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Pinyin People

Updated on November 30, 2013
Pinyin People
Pinyin People | Source

The Pinyin people are known also as the Bapinyi. They are the people I will share for the letter P of my A to Z African People Series.

One day I will be blessed by playing, helping and sharing my love in real person with my lovely African people. Help me pray for this desire; may God open and close doors by His Divine will.

I need to clarify, before I begin my formal presentation of the Pinyin people, that the name 'Pinyin' is also used as a system to learn Chinese easier.

Who are the Pinyin people?

The Pinyin are part of the over 250 ethnic groups living in Cameroon, Africa. They are part of the Bantu, Cameroon-Bamileke people cluster; with a population of nearly 35,000 people.

Cameroon, Africa

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Pinyin Homeland
Pinyin Homeland | Source

Where are the Pinyin people located?

The Pinyin people are located in the Northwest, one of the ten districts or provinces from Cameroon, Africa. They are settled in the Southwest of Bamenda commune in Mezam Department. They are part of the Santa sub-division, in a village known with their same name 'Pinyin'.

Pinyin location
Pinyin location
Source

How do the Pinyin people live?

The Pinyin people have Quarter Chiefs (3 chiefs, handling minor problems) with a central Paramount Chief (the overseer, consulted for intervention of gravity needs). Each village has their own local market day.

Pinyin Words of Life
Pinyin Words of Life

How do the Pinyin people communicate?

The Pinyinians communicate with their language called the same way as their name "Pinyin" (pny). It is a Ngemba language.

How do the Pinyin people survive?

The Pinyin people are mainly farmers. Their farms,mostly located at the foot of the mountains on plains and in valleys, while the gardens are in swampy areas where they grow corn, Irish potatoes, lettuce, cabbages, avocados, carrots and other vegetables. With their fine farming they contribute significantly in feeding the Nation of Cameroon as well as, exporting their products to near countries.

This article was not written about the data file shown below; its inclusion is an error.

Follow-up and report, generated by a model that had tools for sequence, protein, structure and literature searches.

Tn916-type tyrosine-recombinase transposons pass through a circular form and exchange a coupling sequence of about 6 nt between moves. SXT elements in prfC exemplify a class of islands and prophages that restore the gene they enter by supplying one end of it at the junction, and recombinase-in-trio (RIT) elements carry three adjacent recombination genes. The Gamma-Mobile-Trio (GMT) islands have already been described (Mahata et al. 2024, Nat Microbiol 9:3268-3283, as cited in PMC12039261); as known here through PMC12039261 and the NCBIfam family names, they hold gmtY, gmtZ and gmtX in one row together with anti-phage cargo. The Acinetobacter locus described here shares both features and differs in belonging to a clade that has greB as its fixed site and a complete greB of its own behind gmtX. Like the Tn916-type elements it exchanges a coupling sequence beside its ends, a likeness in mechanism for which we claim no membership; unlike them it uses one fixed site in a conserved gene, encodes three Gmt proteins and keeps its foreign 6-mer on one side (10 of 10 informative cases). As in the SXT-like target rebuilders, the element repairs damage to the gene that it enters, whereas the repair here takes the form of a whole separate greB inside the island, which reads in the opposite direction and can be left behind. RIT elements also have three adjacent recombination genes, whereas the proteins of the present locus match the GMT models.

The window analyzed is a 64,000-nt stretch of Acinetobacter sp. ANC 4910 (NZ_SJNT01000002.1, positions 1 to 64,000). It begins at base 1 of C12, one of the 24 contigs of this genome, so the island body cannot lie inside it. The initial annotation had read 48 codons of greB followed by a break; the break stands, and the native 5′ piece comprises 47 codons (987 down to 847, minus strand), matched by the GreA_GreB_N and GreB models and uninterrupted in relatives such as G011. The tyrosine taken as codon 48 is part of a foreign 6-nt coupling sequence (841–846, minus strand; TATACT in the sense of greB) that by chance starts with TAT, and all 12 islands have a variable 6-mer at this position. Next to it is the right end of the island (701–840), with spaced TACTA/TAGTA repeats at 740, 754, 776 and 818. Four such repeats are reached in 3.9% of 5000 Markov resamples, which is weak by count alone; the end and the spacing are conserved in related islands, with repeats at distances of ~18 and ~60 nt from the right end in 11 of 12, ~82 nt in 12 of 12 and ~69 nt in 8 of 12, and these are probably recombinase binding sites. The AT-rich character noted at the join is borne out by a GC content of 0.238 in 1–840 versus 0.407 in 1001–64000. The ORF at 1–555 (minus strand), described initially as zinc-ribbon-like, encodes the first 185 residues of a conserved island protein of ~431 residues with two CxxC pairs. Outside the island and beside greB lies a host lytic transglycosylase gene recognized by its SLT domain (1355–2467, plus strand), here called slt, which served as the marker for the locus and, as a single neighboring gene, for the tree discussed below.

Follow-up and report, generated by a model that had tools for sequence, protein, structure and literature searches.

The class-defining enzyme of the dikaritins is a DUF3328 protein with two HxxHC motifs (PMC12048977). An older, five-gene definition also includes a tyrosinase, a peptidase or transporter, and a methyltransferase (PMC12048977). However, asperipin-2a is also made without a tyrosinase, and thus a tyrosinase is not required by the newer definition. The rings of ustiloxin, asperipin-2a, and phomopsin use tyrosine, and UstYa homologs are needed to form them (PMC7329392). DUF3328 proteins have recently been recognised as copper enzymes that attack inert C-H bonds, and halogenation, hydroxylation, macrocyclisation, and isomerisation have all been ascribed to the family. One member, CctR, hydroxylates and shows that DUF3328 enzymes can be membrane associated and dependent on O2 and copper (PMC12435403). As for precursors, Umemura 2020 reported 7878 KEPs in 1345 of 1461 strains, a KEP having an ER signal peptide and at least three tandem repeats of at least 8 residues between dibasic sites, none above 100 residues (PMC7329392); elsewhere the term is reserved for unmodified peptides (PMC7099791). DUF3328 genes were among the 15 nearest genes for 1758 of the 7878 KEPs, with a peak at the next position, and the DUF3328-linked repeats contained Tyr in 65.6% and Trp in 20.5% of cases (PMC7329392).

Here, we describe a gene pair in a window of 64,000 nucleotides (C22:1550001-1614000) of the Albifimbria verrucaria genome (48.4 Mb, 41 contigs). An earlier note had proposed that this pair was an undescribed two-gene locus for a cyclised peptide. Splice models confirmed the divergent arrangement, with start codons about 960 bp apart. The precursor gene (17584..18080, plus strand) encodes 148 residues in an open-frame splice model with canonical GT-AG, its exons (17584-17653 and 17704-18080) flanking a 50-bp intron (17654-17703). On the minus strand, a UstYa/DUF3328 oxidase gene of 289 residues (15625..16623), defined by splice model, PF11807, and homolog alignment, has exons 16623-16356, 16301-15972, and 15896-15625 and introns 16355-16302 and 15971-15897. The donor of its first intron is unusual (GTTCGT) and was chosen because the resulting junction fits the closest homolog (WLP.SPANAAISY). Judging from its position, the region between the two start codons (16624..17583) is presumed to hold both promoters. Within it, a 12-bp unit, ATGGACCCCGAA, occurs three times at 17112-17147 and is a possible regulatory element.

Pinyin Farms

Pinyin, Cameroon, Africa
Pinyin, Cameroon, Africa

What characteristics define the Pinyin people?

The Pinyinians have 8 days of the week. The 'Country Sunday' which comes before the local market day and it is to be respected by all means.

They have several sayings as:

It is better to be a victim of injustice than to be unjust yourself.

Lying will get you a wife, but it won't keep her.

The darkness of night cannot stop the light of morning.

My appreciation

This was another hub of the series of African people from A to Z that took a lot of time trying to answer the outline questions. When I finished, the exhaustion left me enthusiastic of wanting to meet them in person.

There is a need of working with the translation of their language. They are still pure without being so affected by modernization, I question if it will really benefit them. They do need help translating the Bible, as for this I am raising a plea of help.

I hope you learned something in this hub of another wonderful people from Africa, the Pinyin. Blessings to all!


© Maria Magdalena Ruiz O'Farrill

© 2013 Maria Magdalena Ruiz O'Farrill

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      Maria Magdalena Ruiz O'Farrill 3 years ago from Borikén the great land of the valiant and noble Lord

      GLADYS MBUYA sorry for the delay...hope one day I have the blessing of sharing within the village and walking side by side with my African brothers and sisters.

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      GLADYS MBUYA 3 years ago

      PINYIN MY BELOVED VILLAGE

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      Maria Magdalena Ruiz O'Farrill 4 years ago from Borikén the great land of the valiant and noble Lord

      JustHowitSounds30 thanks for stopping by. Africa has such a diverse culture, that seems to never end. They do need help translating the Bible to their own Pinyin language. In case you will like to help I did linked: http://www.onebook.ca/wp-content/uploads/2012/10/P...

    • JustHowitSounds30 profile image

      Nathan Sickman 4 years ago from Ohio

      All of the overt proselytizing aside (I question how much they "need help" in translating the Bible), I think this is a good start to understanding a very specific group of the most diverse, complex and little-studied continent among us.

      Nathan

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      Maria Magdalena Ruiz O'Farrill 4 years ago from Borikén the great land of the valiant and noble Lord

      Thanks to both of you for lifting me up when I am down. This is letter P, let me see where the letter Q takes me.

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      Bill Holland 4 years ago from Olympia, WA

      Very interesting, Maria! I love this series and hope that you continue it.

      Blessings always,

      bill

    • Froggy213 profile image

      Greg Boudonck 4 years ago from In Nebraska After Hurricane Maria

      Another African hub honey. Great job again. Voting up all the way.